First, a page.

Anonymous said...

When I first came to this town, I respected the ICU pulmonlogist and he was accepting new patients, so I was very happy while he was my doctor, but then he soon left his practice to become president of the group, I had to find a new one.

A friend advised a doctor that specialized in alternative medicine, thinking I'd be interested in someone that focused on diet, exercise, and proper amounts of rest and relaxation.

I made the appointment and showed up. What first freaked me out was the handmade sheets of paper he had in the waiting area touting natural products, vitamins and something like EDTA chelation therapy.

I was not impressed with the office help. She certainly did not look as if she knew or cared about anything in the medical field, rather like a local high school babysitter that fit showing up at the office into her schedule.

Then, during an exam, the doctor left me on lying on the exam table for a few minutes (well-covered) to take care of some business.

The table looked ss it had been a hand-upholsterd purchase from an antique auction. I looked around, and it seemed as if the doctor's license used a slightly different name than the one I'd made the appointment.

The doctor had left the door slightly ajar and a salesman (or maybe the plumber) passed by the room and met my eyes.

I hopped off the table to shut the door, and decided to poke around a bit. The first cabinet I opened, was filled with 500 count bottles of ibuprofen 800 mg.

I thought, 'is he competing with pharmacists over ibuprofen; does he give this to patients, or put a few in prescription bottle for his patients or give them the whole bottle, and what kind of labeling?' knowing it's against the law in this state for docs to dispense out of their offices. I decided to dress and leave at this point, as I wasn't interested in anything he might have to say.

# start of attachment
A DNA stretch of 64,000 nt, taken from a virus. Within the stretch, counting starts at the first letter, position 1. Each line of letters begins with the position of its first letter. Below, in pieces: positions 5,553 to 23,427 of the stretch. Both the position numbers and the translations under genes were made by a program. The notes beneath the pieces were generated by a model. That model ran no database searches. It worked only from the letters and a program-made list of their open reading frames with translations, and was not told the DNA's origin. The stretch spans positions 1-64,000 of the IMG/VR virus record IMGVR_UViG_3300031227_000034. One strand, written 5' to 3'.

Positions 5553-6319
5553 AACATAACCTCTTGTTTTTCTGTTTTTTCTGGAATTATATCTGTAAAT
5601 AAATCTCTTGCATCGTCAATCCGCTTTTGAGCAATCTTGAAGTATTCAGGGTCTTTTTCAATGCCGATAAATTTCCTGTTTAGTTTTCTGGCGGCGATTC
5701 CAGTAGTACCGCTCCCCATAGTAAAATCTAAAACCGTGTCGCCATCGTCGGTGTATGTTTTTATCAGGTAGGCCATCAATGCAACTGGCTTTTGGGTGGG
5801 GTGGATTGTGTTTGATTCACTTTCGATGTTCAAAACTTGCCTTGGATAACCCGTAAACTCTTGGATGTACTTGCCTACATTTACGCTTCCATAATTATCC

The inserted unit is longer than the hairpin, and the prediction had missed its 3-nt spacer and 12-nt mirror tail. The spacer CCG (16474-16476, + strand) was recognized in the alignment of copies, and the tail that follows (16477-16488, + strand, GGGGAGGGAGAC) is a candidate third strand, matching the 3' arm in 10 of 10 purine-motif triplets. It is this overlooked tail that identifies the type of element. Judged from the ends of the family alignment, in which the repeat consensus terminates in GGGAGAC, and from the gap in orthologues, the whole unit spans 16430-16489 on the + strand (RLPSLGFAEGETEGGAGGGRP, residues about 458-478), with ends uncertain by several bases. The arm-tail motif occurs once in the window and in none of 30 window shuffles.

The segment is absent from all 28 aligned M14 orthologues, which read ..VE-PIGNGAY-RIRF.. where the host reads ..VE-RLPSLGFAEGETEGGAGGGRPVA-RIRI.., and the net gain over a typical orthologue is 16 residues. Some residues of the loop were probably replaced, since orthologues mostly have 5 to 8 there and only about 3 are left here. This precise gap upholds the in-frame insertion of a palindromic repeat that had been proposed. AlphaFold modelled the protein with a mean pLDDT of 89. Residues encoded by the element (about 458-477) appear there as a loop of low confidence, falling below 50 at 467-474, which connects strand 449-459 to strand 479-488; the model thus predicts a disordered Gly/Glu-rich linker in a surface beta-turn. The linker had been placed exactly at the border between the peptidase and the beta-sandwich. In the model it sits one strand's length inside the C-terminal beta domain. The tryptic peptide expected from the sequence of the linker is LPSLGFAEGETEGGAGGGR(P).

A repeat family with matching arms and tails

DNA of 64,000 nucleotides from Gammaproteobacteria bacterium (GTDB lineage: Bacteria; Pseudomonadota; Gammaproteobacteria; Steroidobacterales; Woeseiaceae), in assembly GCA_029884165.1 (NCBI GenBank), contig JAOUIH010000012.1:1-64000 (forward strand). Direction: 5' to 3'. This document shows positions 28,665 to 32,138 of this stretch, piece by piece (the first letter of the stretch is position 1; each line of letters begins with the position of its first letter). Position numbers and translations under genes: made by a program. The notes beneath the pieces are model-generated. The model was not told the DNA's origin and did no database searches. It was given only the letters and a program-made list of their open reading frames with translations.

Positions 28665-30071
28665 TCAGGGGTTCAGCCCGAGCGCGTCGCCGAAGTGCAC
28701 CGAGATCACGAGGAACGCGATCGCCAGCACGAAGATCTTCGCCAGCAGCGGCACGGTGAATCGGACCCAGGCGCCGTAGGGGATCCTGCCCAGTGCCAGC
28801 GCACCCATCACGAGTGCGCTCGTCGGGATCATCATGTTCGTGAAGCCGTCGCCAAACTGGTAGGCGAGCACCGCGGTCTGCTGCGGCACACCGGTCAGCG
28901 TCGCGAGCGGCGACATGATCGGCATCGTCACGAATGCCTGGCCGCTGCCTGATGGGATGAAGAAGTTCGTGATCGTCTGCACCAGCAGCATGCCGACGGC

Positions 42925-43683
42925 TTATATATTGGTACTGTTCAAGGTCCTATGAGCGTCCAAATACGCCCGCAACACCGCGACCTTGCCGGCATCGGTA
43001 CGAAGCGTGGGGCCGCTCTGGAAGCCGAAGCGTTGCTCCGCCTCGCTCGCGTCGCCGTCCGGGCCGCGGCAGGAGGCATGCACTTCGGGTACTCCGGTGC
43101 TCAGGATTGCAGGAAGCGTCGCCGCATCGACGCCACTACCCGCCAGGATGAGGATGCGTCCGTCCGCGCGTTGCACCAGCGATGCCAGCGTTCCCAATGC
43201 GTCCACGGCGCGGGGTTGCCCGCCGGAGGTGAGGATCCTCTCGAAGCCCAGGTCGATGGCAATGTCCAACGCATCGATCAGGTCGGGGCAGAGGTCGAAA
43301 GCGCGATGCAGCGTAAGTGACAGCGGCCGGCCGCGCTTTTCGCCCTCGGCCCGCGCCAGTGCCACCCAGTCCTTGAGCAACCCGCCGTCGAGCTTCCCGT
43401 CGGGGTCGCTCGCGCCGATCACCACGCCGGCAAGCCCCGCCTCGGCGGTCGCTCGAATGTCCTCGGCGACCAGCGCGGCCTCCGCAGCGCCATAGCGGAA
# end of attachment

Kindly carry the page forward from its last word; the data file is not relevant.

Well, I don't think this particular MD works around here anymore. I see his advertisements for a pain clinic in the big town 60 miles south, and wonder about his patients.

Jess said...

The strange thing is that many people don't want a good doctor, who will tell them to buy an over the counter remedy, go home, get some rest and take better care of their health.

Moose said...

Reminds me of the tales of men posing as doctors who go to women's homes to "perform a breast exam."

The gullibility and lack of common sense in the human race never fails to amuse me.

(We're much smarter on MY planet.)

Packer said...

Viagra equivalent no doubt.

Nyllrap said...

I just love your posts, Dr. Grumpy! I always look forward to reading them. As someone who has a bipolar brother and sister who both drive me NUTS, why are they being treated by a psychiatrist and not a neurologist? Is there a strict division between what these two specialists treat?

Anonymous said...

Too bad he didn't have a swastika somewhere in his "office. Illinois Nazis. I hate Illinois Nazis.

Judy in Indiana said...

I think there have been times that you wanted to hop in your car and drive away when certain patients came in for a follow up visit. The difference may be that while you might like to do this, you don't acually do it.

Anonymous said...

What if your neurologist has a reflex hammer that looks like the one in the image?